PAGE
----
Well it certainly goes without saying that the bloodlust andbloodletting that’s known to take place within the boardroom is no different from that within the field of sports.We’ve seen it already happen within the NBA this season. Albeit that the season there is over a much longer season. However the season that is built around the NFL is one seventeen weeks give or take. And then you have the postseason itself where the success there is very much predicated on the immediate results. For the likes of fallen coaches Eric Mangini,Romeo Crennel and Rod Marinelli they’ll never come to know what it is to equate success in the postseason. Well at least not this season anyway !
Lavernues Coles of the New York Jets addresses members of the convened press to answer questions as to the firing of the team’s coach Eric Mangini. picture appears courtesy of ap/photo/Rich Schultz …………….
Each of the above mentioned individuals were placed under the scrutiny of expectful wishes. And they failed miserably though in some respects much of it was not of their own making. But at the end of the day it is the coach who has to take blame for the lack of success on the field of play. With the firing of all three coaches by their respective franchises the New York Jets,Cleveland Brown and Detroit Lions. All three men became casualties of the merry-go-round we’ve come to know as the coaching carousel. Albeit that it’s not expected that either if any of the three will ever find themselves back as a candidate for a mangerial position within the NFL. Crennel’s own boss GM Phil Savage also found himself out of a position when he too was let go by Browns’ owner Randy Lerner. The axe does tend to swing both ways then ?
Romeo Crennel the now former coach of the Cleveland Browns looks up at the scoreboard in a game played between the Browns and Pittsburgh Steelers. Crennel’s team would go on to lose the game 31-0 and post a 4-12 record for the regular season. picture appears courtesy of ap/photo/Tony Dejak …..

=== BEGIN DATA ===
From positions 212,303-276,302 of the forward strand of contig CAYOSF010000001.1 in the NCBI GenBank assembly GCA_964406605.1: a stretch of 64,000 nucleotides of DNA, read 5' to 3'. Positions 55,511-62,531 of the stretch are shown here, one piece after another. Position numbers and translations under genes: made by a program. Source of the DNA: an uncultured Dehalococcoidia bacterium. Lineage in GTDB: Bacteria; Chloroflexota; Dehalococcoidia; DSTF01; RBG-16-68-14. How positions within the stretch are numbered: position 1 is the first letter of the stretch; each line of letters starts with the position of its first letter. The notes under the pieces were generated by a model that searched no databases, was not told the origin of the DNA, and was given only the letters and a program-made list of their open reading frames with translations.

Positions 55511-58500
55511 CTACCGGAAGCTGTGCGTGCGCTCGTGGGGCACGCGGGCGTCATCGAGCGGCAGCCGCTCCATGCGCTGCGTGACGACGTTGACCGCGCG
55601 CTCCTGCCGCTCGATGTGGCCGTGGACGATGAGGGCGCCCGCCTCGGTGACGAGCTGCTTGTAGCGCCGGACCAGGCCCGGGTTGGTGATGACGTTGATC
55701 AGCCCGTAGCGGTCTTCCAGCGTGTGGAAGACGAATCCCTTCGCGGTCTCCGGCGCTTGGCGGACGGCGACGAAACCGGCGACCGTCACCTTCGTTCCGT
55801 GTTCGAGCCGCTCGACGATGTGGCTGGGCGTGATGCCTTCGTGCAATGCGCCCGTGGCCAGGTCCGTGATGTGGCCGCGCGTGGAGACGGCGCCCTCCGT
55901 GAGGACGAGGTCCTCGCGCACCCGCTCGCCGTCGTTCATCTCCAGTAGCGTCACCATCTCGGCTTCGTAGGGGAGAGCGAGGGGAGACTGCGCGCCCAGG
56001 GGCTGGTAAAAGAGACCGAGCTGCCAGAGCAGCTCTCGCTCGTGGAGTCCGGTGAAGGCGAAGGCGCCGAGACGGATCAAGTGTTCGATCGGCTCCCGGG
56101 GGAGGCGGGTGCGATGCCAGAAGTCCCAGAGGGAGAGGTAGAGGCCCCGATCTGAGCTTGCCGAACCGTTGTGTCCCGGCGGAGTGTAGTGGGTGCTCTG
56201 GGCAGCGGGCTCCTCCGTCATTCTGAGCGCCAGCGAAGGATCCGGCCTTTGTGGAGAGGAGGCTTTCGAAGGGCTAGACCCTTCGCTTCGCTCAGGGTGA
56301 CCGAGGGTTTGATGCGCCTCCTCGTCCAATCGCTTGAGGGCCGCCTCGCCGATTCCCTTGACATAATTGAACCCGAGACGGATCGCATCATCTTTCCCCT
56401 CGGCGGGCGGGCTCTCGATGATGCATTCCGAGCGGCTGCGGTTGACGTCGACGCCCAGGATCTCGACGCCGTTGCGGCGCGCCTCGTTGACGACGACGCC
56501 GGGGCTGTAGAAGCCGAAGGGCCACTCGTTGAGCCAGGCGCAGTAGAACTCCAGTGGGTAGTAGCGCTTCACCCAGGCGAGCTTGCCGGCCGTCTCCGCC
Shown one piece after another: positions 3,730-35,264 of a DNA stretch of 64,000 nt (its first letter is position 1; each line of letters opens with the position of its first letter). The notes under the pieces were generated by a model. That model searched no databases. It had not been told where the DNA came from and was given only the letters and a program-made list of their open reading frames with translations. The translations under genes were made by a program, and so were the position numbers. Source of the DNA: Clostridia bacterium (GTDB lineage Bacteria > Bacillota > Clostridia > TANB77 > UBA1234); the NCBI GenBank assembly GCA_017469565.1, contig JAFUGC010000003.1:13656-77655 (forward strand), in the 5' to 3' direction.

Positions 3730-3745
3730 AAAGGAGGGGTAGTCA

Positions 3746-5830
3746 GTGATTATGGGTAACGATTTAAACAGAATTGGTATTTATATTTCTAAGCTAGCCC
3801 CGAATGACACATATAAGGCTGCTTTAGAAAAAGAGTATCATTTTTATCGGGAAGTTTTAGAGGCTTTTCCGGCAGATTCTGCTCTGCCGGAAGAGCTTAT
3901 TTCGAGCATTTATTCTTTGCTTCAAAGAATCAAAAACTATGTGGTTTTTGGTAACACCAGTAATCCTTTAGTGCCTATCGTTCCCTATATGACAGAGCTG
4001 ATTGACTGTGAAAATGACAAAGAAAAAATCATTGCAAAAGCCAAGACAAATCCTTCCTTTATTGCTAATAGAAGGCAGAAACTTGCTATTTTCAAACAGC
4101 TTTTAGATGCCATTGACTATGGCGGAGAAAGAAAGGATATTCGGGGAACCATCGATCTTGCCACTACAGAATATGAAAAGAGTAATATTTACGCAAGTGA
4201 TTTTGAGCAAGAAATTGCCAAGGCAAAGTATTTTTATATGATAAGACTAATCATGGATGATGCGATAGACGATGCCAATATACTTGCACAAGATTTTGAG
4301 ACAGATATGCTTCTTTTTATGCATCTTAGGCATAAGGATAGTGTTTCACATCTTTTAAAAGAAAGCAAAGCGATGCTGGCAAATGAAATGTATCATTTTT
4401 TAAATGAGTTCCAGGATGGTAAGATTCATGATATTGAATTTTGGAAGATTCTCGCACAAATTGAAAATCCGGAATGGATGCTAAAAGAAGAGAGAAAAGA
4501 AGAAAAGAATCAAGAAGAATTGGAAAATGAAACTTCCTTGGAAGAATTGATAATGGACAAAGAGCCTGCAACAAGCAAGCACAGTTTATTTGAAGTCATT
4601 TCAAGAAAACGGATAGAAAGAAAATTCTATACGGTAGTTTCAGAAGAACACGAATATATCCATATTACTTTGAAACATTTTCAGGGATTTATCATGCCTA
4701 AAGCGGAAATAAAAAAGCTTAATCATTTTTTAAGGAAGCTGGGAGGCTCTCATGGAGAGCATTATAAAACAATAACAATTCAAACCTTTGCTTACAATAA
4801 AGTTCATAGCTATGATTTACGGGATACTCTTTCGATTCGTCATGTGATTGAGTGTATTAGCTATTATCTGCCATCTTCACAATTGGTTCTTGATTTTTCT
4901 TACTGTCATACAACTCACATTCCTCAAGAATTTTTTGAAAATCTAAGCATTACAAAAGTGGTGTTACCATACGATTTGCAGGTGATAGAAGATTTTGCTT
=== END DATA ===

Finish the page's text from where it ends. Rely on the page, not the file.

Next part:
But as much as we see with each passing season coaches let go because of the undue pressure that’s placed upon them to succeed. What does that tell us about the state of the game itself whereby a single mistake by a player or official may well be all that it takes to sink the career of a coach ? However it can also be said that a coach should be able to instill into those whom he leads what it is that is expected of them. And that he ought to be able to communicate with them effectively. If the players themselves aren’t willing to buy into what it is that the coach is srtiving to achieve. Then how will they go about achieving the success that they all strive for ? If those teams aren’t prepared on the day to meet an opponent then the result endured is all too appropriate. Seventy percent of the game may well be physical but the remaining thirty percent being said to be psychological, is just as important, if not more so.
Martin Mayhew,foreground, is the General Manager of the Detroit Lions. Seated alongside Mayhew at the convened press conference is team President Tom Lewand. The announcement being made was that the franchise’s coach Rod Marinelli as well as several members of his coaching staff wouldn’t be returning next season. picture appears courtesy of ap/photo/Paul Sancya ………………..